Learn to make a wall stencil and stencil your walls with this easy tutorial. Plus get the SVG file for the wall stencil used on this master bedroom wall.
The house we moved into is definitely a fixer upper. Every room needs extensive work to make it beautiful again. Our master bedroom was no exception.
When we came up with our bedroom design plan I really wanted to stencil one of the walls. I didn’t want to add wall paper since we had just pulled down ragged and stained wall paper in the majority of the rooms in our home.
But a painted wall stencil that looks like wall paper!
That was definitely a design element I could get behind.
If you have been wanting to stencil an accent wall, but are afraid to jump in and try it, check out this tutorial to see if it might be for you.
This post contains some affiliate links for your convenience (which means if you click a link and make a purchase I will earn a small commission at no extra cost to you). Please see my disclaimer page for more information.
Materials you will need:
- Wall Stencil (You can get my free SVG file to make the same stencil I used (available in my free resource library – get the password at the bottom of this page)
- Cutting machine, such as a Cricut Maker, to cut out stencil or Xacto knife to cut out by hand.
- Mylar (I used 6mil 12×12 sheets) or heavy duty card stock
- Strong grip mat for Cricut cutting machine
- Painters Tape
- Spray Adhesive
- Small foam roller and/or stencil brush
- Small tray or plate
- Paper towel
- Small paint brush
How to Make a Wall Stencil
Step 1: Download the stencil files from my free Resource Library (learn how at the end of this post). They are available in either SVG or PDF.
Note: If you don’t want to make your own stencil and just want to buy it, the two other stencils I was considering when designing my master bedroom wall were:
If you don’t have a cutting machine, you can print the PDF on paper and trace and cut the stencil pattern onto Mylar (I used 6mil 12×12 sheets). It does take a little more measuring, but the instructions are on the PDF. Use an Xacto knife to cut out the stencil.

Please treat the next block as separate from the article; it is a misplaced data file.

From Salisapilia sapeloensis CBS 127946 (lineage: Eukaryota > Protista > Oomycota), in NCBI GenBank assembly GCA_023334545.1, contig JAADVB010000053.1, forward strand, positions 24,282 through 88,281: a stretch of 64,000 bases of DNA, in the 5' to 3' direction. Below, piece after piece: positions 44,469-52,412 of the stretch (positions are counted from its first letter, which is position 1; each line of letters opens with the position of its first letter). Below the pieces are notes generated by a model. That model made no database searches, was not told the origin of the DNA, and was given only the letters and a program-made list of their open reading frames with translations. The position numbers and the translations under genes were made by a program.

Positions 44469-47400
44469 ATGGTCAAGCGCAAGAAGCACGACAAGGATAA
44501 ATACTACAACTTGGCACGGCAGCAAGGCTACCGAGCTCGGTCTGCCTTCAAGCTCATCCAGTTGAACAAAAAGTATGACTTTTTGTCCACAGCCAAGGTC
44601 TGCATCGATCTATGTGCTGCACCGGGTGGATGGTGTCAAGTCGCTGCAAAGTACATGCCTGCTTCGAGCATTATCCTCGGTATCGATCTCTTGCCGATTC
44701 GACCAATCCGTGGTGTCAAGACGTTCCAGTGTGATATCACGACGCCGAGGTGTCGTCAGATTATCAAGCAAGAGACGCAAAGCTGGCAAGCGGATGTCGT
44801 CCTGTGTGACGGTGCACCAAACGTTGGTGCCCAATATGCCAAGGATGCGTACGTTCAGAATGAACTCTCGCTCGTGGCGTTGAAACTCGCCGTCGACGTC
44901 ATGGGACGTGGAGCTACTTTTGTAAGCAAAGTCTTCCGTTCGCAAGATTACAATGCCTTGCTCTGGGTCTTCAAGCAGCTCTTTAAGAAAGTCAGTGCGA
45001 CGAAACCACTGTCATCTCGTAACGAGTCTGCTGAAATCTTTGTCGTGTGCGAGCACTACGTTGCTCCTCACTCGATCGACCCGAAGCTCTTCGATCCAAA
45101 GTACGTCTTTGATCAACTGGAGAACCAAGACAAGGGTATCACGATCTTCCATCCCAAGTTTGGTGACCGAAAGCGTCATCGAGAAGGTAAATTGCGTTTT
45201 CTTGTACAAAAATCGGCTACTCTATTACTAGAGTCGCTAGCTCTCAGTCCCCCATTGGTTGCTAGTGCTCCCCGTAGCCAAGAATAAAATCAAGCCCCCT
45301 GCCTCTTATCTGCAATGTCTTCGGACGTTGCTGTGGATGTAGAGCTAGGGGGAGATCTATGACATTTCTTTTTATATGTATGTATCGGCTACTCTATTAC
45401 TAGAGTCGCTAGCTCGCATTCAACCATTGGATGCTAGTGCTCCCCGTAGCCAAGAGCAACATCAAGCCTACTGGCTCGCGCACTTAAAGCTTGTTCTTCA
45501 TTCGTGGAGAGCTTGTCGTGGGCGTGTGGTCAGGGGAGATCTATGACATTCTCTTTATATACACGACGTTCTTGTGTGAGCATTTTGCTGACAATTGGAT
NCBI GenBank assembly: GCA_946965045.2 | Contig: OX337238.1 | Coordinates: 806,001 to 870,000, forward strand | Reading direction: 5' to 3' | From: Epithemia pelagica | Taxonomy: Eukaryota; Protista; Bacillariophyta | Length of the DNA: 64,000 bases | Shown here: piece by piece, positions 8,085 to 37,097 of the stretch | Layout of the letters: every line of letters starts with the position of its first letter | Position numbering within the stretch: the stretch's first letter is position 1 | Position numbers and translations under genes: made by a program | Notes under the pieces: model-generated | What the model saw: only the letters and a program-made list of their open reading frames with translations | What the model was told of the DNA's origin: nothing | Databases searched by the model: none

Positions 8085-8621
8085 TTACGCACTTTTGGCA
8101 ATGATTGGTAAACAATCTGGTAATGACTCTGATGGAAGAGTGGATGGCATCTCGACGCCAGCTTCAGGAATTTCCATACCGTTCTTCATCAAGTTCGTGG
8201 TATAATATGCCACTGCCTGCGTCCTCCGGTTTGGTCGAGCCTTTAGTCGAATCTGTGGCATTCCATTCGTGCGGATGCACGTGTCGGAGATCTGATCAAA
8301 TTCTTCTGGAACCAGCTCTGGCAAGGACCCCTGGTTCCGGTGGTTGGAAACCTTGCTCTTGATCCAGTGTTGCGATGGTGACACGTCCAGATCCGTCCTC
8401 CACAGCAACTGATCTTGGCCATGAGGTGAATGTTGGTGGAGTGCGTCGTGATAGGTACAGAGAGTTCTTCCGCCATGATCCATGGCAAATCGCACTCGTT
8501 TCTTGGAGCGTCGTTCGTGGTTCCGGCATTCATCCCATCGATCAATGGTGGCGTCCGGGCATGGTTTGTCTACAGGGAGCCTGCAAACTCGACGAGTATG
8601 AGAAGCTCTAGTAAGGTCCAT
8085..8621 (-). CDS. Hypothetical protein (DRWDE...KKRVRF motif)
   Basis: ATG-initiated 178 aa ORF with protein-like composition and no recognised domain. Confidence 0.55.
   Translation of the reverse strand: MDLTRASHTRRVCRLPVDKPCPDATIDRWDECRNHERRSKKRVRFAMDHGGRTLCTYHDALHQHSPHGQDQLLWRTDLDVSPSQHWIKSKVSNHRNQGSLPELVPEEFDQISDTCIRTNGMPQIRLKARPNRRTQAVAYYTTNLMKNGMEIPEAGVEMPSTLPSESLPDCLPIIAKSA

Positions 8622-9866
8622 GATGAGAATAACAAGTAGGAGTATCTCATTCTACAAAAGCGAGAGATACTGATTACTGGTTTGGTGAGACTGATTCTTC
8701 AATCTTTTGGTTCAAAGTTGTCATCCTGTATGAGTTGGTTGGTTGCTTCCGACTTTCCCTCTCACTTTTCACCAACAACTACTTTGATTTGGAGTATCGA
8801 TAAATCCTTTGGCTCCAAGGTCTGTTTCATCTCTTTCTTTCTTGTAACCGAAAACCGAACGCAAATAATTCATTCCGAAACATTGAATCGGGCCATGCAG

How to Upload the SVG file:
If you need help uploading your SVG file to Cricut Design Space check out the tutorial I made here. The file should be the correct size for a 12×12 piece of mylar on Cricut Design Space, but if it does need to be resized the tutorial teaches you how to do this as well.
Here is what the pattern looks like on Cricut Design Space.
Click select all on the top menu bar and then hit attach to tell Cricut Design Space to keep your project organized or “attached” the way you designed it.
Select “Make It” on the top right menu bar.
If you need to move your stencil around to center it better, click on the image of the stencil and drag it around until you are happy with the placement.
Select your material type. Cricut Design space has most material programmed in and all you have to do is select the right one. You can use the search bar and type in your material if you don’t see it listed.
I used the Mylar setting – Strong grip mat – Fine point blade.
The cricket is such an easy way to make a wall stencil.
How to Stencil Your Walls
Step 1: Prepare the Room
Tape off any trim, windows, and wall edges with painter’s tape.
Lay a tarp or paper off the floor under the wall you are stenciling. Drips happen even to the best painters, so it will save you a lot of clean up and hassle if you protect the floor where you are working.
Step 2: Figure Out Your Starting Line
Figure out where you want to start your stencil. I wanted the two edges of my room to look similar and be balanced, so I figured out the center of the wall and marked it with a piece of painter’s tape. (You can remove the center tape line after you have started your first row of stencils).
Starting from the center of the room guaranteed that the two wall edges, where the stencil wall meets the other walls, would have an equal “half” stencil and wouldn’t draw my eyes.